Tears & Sympathy.

 

I used to be that person who would be unfortunate enough to sit in the ear shot of a screaming baby and roll my eyes, complain about the parents not being able to ‘shut the kid up’. I never wanted kids, never planned to have them.

Now, I’m a Mum to an eight month old. Yes, he was a surprise, but regardless of that, we chose to keep the little dork and give this whole parenting thing a whirl.

It’s tough. It’s really fucking tough. Surprisingly, most days are awesome but there are times, like today, where I’ve sat on the floor of my baby’s bedroom sobbing. He’s screaming in his bed, I’m crying on the floor. It’s a mess. A bloody train wreck of emotions from both of us. It’s sometimes terrifying how such a tiny person can render me feeling absolutely useless, make me lose all confidence, and cause me to doubt myself so much.

I had no idea how to get him to stop screaming. His face was bright red and his throat sounded like it was going to make him choke to death. Non of the ‘tricks’ worked, he had everything he needed so I just gave up. I gave up trying because I didn’t know what else to try and I didn’t know if I wanted to keep trying. I was as frustrated with him as I was myself, which was incredibly unfair and selfish of me because he’s just a baby. It’s not his fault.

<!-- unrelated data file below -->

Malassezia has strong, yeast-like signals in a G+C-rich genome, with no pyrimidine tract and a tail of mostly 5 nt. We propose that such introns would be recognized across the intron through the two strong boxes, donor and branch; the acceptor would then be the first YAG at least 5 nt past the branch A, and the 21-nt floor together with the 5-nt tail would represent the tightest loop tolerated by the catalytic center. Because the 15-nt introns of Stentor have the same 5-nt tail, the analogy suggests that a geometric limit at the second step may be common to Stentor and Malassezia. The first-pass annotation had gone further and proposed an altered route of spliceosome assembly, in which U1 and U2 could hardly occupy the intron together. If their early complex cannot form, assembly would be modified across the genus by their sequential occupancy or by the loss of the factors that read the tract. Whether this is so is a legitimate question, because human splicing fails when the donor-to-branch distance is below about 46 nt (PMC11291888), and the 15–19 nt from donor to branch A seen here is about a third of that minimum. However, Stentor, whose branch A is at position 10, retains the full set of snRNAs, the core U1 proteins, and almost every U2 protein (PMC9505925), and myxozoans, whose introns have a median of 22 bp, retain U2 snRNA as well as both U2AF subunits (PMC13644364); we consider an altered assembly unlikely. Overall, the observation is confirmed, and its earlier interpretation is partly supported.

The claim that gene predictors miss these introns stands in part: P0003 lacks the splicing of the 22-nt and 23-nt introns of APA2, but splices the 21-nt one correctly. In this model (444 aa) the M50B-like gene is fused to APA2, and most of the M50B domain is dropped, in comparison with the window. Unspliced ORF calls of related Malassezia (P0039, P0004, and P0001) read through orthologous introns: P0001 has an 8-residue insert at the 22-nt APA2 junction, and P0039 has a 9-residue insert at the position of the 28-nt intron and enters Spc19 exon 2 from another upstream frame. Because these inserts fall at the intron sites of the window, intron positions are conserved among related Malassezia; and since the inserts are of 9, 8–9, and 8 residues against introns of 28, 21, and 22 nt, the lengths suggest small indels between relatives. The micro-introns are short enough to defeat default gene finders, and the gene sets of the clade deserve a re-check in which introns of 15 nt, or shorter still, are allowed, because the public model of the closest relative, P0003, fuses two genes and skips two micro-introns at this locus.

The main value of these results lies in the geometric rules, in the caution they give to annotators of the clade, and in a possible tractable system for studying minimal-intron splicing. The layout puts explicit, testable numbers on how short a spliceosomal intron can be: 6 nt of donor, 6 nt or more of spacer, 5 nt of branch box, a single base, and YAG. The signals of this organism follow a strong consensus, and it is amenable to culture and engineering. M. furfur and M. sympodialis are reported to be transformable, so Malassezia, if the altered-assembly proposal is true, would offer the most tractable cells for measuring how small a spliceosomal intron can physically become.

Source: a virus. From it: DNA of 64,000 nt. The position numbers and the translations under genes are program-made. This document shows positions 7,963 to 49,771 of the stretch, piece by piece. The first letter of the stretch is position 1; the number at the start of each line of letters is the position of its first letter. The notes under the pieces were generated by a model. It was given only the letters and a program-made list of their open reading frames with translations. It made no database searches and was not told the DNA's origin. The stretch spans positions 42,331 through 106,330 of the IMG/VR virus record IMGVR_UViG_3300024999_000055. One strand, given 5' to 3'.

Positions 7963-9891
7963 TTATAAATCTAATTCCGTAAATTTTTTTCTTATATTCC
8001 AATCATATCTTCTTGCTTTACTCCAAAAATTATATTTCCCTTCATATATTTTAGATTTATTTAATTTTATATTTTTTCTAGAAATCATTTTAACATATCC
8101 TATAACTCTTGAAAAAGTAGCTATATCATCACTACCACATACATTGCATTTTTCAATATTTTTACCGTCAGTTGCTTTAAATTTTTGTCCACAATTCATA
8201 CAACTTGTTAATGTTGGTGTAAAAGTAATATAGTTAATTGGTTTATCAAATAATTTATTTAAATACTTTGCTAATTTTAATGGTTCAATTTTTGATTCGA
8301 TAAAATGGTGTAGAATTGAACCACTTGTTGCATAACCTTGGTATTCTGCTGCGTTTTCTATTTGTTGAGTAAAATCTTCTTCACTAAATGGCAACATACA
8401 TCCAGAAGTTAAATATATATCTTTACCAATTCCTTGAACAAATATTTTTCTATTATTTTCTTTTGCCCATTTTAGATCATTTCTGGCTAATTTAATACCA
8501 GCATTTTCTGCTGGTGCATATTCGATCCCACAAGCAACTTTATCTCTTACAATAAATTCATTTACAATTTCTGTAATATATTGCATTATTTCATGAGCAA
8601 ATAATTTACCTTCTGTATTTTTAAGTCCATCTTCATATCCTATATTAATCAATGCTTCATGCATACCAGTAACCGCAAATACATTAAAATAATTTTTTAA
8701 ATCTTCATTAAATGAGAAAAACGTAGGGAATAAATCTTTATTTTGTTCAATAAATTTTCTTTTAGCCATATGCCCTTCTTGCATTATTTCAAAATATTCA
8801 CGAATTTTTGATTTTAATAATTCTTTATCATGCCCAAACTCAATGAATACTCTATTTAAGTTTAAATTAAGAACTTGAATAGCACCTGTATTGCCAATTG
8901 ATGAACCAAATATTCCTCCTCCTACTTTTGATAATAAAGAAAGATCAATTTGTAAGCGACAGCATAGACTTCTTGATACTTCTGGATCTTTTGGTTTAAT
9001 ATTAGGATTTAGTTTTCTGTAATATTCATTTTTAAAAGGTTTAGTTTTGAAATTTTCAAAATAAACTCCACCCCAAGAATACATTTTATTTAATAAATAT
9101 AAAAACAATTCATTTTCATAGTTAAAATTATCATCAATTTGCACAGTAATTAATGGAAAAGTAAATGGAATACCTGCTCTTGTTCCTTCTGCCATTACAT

I’ve come to learn that this is what being a parent is—confidence shattering moments that feel like hours followed by the most immense feelings of love and pride. When they aren’t being tiny banshees, laying on the floor screaming bloody murder when you’ve removed the seventh book from their tiny hands, along with the subsequent ripped out pages, they’re doing a massive, loud fart, then laughing at themselves. Which, although it sounds kinda gross, is pretty hilarious.

Most days this sort of enlightenment comes from some parenting related breakdown or other, the type I never (for obvious reasons) had when I was sans little human. Sometimes I feel as though friends without kids don’t understand the upheaval involved in becoming a carer, a teacher, and a selfless person (most of the time) to someone who’s learning to get all kinds of shit done for themselves (here’s lookin’ at you, Shrimp, you’re smashing it). So, I say to my wonderful, childless friends, before you turn into the person I was, rolling my eyes at that poor, godforsaken parent with a screaming baby on the bus, be kind to your fellow humans, they’ve probably had a breakdown on the floor of their kid’s bedroom that week too.

 

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